Tuesday , 27 February 2024
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How to Plant, Grow, and Care for Lilies

With brightly colored, star-shaped blooms, lilies add star power to summer gardens. These perennial beauties need some extra fall care in areas with harsh winters. Find out more in our lily growing guide.

About lilies
Lilies add graceful elegance and fragrance to any garden and bloom from early summer to fall, depending on the species. By carefully mixing early, mid and late varieties into your garden, you will enjoy its magnificent blooms from spring until the first frost. Most lilies are at home in both formal and naturalistic settings and will happily accept containers as well. Plus, they make great cut flowers!

Lilies have six simple or prominently marked tepals (‘petals’) and are often trumpet-shaped, perched on a tall, erect stalk with narrow, long, lance-shaped leaves. They come in many beautiful colors including pink, gold, red, orange and white.

There are a number of popular types of lilies, including oriental, asiatic, oriental, and species types. To create a series of lily blooms in your garden, remember that Asians generally bloom first, followed by orientpets and then oriental varieties.

Asiatic lilies (Lilium sp. – “Asiatic hybrids”) flower first in early summer (usually May or June), right after peonies. They are not fussy as long as they grow in well-drained soil. They are the shortest species of lily (about 2 to 3 feet tall) and come in many colors, from pastel to tropical. They don’t have much fragrance, but they bring bright color to the garden.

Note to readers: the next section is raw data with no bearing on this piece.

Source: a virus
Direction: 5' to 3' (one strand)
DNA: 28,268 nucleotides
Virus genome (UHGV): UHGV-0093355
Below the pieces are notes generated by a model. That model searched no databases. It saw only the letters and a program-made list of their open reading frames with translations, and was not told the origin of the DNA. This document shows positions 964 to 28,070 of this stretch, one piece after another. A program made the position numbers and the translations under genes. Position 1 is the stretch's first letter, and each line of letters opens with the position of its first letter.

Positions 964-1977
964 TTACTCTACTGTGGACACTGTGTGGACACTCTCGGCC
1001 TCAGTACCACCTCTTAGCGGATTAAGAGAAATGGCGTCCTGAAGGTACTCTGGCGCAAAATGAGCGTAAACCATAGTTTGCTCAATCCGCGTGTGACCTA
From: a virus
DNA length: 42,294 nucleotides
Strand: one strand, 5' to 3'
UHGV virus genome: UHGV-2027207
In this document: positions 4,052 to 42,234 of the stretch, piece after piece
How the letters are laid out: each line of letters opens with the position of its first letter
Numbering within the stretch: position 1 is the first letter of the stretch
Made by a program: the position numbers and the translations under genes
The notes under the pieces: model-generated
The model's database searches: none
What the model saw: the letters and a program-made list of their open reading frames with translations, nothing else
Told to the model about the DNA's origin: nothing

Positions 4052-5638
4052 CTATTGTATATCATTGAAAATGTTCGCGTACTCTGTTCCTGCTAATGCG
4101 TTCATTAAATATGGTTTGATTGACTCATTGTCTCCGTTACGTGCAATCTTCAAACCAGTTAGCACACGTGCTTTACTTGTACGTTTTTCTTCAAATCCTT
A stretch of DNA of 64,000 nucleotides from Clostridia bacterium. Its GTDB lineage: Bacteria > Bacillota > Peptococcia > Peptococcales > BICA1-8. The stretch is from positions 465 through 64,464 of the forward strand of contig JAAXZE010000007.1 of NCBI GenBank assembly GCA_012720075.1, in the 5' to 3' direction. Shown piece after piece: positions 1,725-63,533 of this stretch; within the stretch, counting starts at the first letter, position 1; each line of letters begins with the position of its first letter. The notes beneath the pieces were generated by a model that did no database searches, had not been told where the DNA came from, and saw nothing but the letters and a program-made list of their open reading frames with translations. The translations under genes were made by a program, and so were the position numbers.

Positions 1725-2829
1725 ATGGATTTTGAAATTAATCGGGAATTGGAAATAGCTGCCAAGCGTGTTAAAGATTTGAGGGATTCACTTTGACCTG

Easter lilies (Lilium longifolium) are most commonly grown indoors as a holiday plant. As their name suggests, they are usually forced into bloom around Easter, in March or April. Outdoors, they are better suited to warmer regions of North America, where they can be transplanted into the garden after flowering.
Oriental lilies (Lilium sp. – “Oriental Hybrids”) have that famously strong scent. They are tall and stately (4 feet) and tend to be slower growers, often blooming around the time Asiatic lily flowers are wilting (mid to late summer).
Trumpet lilies (Lilium sp. – “trumpet hybrids”) resemble oriental lilies and produce many flowers with a beautiful fragrance. Their flowers tend to be smaller and more closed (like a trumpet) than those of the other lilies.
There are of course other lilies such as tiger lilies (Lilium henryi) and martagon lilies (Lilium superbum) as well as hybrids such as ‘Orienpet’ (Oriental + Trumpet) and ‘LA’ lilies (Easter + Asiatic). Browse through the catalog of your favorite online gardening supplies retailer to find what you like best!